Software Engineer

Jason Hancock

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It’s no secret that I use WordPress for this blog. One of the reasons I like WordPress is the wide variety of plugins that are available. Since I blog a lot about perl/php/puppet code, I like to have a plugin that does syntax highlighting. For this task, I use the WP-Syntax plugin which is built on top of GeSHi. Unfortunately, it doesn’t have a language file for puppet. A quick search turned up this language file.

One thing I’ve struggled with in puppet in the past was managing iptables firewalls. I used to end up building a few different templates for the various firewalls that I had to manage and just passed in a list of ports to open up, but it was kind of a nightmare to manage as more and more applications with different requirements were added. The number of templates began to sprawl.

puppet and xinetd

I ran into an interesting problem with puppet today involving xinetd on CentOS 5. In one of my manifests, I had declared the following service resource: <service{"xinetd":ensure=>stopped,enable=>false,hasstatus=>true,} The problem I was seeing was every time the puppet client ran, it stopped the xinetd service: Sep 5 01:10:21 someserver puppet-agent[2300]: (/Stage[main]/Xinetd/Service[xinetd]/ensure) ensure changed 'running' to 'stopped' Sep 5 01:10:21 someserver puppet-agent[2300]: Finished catalog run in 5.82 seconds Sep 5 01:20:33 someserver puppet-agent[2300]: (/Stage[main]/Xinetd/Service[xinetd]/ensure) ensure changed 'running' to 'stopped' Sep 5 01:20:36 someserver puppet-agent[2300]: Finished catalog run in 11.

I added a couple of syntax check aliases (well, one’s actually a function because alias didn’t seem to like putting a pipe in there) to my .bashrc file: aliassynpp='puppet --parseonly --ignoreimport'synerb (){erb -x -T - "$@"|ruby -c } To check a .pp (manifest) file, I simply type synpp path/to/manifest.pp and to check a template synerb path/to/template.erb This assumes that you have a puppet client installed on your local machine.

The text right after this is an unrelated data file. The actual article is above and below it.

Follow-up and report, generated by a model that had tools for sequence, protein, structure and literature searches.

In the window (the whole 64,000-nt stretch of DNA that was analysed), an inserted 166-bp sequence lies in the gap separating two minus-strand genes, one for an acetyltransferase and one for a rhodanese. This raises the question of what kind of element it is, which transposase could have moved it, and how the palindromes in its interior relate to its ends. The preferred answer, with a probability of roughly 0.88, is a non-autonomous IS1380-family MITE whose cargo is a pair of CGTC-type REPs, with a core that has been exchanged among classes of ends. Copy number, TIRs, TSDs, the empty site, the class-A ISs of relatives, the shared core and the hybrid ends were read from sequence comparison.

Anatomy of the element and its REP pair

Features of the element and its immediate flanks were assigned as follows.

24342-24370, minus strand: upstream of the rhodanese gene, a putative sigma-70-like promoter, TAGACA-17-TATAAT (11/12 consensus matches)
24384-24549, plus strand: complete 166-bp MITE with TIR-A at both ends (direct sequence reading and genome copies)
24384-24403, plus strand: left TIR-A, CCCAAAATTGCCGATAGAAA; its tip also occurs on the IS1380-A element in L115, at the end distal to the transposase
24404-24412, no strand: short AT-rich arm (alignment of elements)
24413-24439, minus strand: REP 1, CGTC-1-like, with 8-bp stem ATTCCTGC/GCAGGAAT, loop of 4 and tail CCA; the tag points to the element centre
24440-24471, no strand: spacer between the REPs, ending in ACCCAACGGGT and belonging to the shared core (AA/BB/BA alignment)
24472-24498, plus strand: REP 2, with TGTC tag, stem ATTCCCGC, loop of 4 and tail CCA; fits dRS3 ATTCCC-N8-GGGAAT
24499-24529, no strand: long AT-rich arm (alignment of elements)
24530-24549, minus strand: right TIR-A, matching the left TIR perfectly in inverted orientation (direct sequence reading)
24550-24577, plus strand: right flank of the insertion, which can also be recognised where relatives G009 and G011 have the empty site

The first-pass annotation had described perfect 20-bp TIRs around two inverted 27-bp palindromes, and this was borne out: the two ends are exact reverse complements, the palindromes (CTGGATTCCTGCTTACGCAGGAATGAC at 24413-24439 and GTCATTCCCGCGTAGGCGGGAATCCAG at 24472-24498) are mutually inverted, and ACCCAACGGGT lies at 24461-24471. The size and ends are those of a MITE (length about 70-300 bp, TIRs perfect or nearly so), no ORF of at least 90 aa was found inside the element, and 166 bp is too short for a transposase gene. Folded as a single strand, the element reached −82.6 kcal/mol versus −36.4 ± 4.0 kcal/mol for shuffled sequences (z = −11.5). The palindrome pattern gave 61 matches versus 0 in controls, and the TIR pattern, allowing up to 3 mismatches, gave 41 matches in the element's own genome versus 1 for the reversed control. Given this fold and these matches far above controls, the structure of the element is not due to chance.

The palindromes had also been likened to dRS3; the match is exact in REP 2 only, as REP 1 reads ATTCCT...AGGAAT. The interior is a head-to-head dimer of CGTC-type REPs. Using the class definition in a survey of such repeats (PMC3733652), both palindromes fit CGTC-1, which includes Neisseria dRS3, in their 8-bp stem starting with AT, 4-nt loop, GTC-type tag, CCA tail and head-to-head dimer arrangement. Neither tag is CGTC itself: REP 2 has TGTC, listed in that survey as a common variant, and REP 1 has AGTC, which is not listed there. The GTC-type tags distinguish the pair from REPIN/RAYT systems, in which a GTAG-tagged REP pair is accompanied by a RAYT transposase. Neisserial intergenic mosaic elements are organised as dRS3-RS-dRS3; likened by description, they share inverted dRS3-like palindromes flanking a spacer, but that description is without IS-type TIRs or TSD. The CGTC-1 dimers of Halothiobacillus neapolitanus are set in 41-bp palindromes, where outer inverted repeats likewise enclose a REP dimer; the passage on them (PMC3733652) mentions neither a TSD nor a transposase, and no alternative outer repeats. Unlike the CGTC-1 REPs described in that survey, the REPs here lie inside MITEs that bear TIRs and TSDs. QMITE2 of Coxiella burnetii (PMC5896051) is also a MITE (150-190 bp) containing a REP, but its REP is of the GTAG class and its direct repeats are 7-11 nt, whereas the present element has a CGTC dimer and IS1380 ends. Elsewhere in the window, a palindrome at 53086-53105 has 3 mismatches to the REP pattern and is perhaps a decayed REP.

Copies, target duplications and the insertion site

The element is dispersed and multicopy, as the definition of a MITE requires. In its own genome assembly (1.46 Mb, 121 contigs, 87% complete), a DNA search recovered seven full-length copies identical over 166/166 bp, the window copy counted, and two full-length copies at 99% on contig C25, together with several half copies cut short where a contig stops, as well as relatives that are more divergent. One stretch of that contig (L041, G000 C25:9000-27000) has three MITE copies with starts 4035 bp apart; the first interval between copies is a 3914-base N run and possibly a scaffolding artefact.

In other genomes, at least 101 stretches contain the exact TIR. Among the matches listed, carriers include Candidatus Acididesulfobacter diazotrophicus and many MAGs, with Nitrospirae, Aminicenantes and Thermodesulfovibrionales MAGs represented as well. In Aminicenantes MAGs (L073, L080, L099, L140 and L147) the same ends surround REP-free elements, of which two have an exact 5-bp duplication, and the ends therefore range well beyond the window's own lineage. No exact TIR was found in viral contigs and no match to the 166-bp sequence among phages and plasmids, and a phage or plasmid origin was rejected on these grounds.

UPDATE 10/24/2011: The script has been updated to support Canon CR2 and CRW raw files and JPEGS. I’ve also moved the script to my github account. Find it (and the latest installation instructions) here. Here’s the situation…’re shooting a wedding, bar mitzvah, or other event. You’re running and gunning, two cameras going full blast, switching back and forth. Your second shooter is laying down cover fire making sure you guys don’t miss any important moments.

I tried something different for dinner yesterday….made some pulled pork in the crock pot. That’s not the different part though….I used orange soda (yes, orange soda) as the braising liquid. I put a pork shoulder in the crock pot, covered with orange soda, and let it do its thing until I got home from work. Then I pulled the meat from the braising liquid, shredded it and mixed in some BBQ sauce.

Here’s a snippet that will print out perl’s @INC path perl -e'print join("\n", @INC);\n' And my results on CentOS 5.5: /usr/lib64/perl5/site_perl/5.8.8/x86_64-linux-thread-multi /usr/lib/perl5/site_perl/5.8.8 /usr/lib/perl5/site_perl /usr/lib64/perl5/vendor_perl/5.8.8/x86_64-linux-thread-multi /usr/lib/perl5/vendor_perl/5.8.8 /usr/lib/perl5/vendor_perl /usr/lib64/perl5/5.8.8/x86_64-linux-thread-multi /usr/lib/perl5/5.8.8


I’m a day shy of not posting for almost two months. That’s crazy! A lot has changed in the last 60 days. I’ve moved on from SpecificMedia. I’m scheduled to start a new position with Disney on Monday. I’m pretty stoked about that. I’ve had a week off between jobs and I’ve been doing some Android development in that time. I haven’t really been developing too much in Android…more like learning the framework/ecosystem/eclipse IDE/ and getting reacquainted with Java.

Update 2017-10-06: It’s 2017. Don’t use the code below, but use the excellent dalen/dnsquery module instead. Leaving the original post below for historical reasons. I use dynamic DNS at my residence so that I can always log into my server remotely without having to know the IP. I run denyhosts on the server hosting my website at Rackspace to attempt to contain brute-force ssh attacks. If you enter the wrong password N times, your IP gets banned and you can’t connect to my server anymore via ssh.

It’s 9:36PM on a Monday night. For the past few weeks, I’ve been picking up our son from daycare and getting home about an hour before my wife. During that time, I like to crank up some tunes on our home stereo receiver. The problem is that my server and my pc are about 25 feet away from my receiver. I was plugging a long headphone extension cord with a headphone to RCA splitter into the front of the reciever, but our son is on the verge of crawling and I don’t wany any extra or unnecessary cables to be within his reach.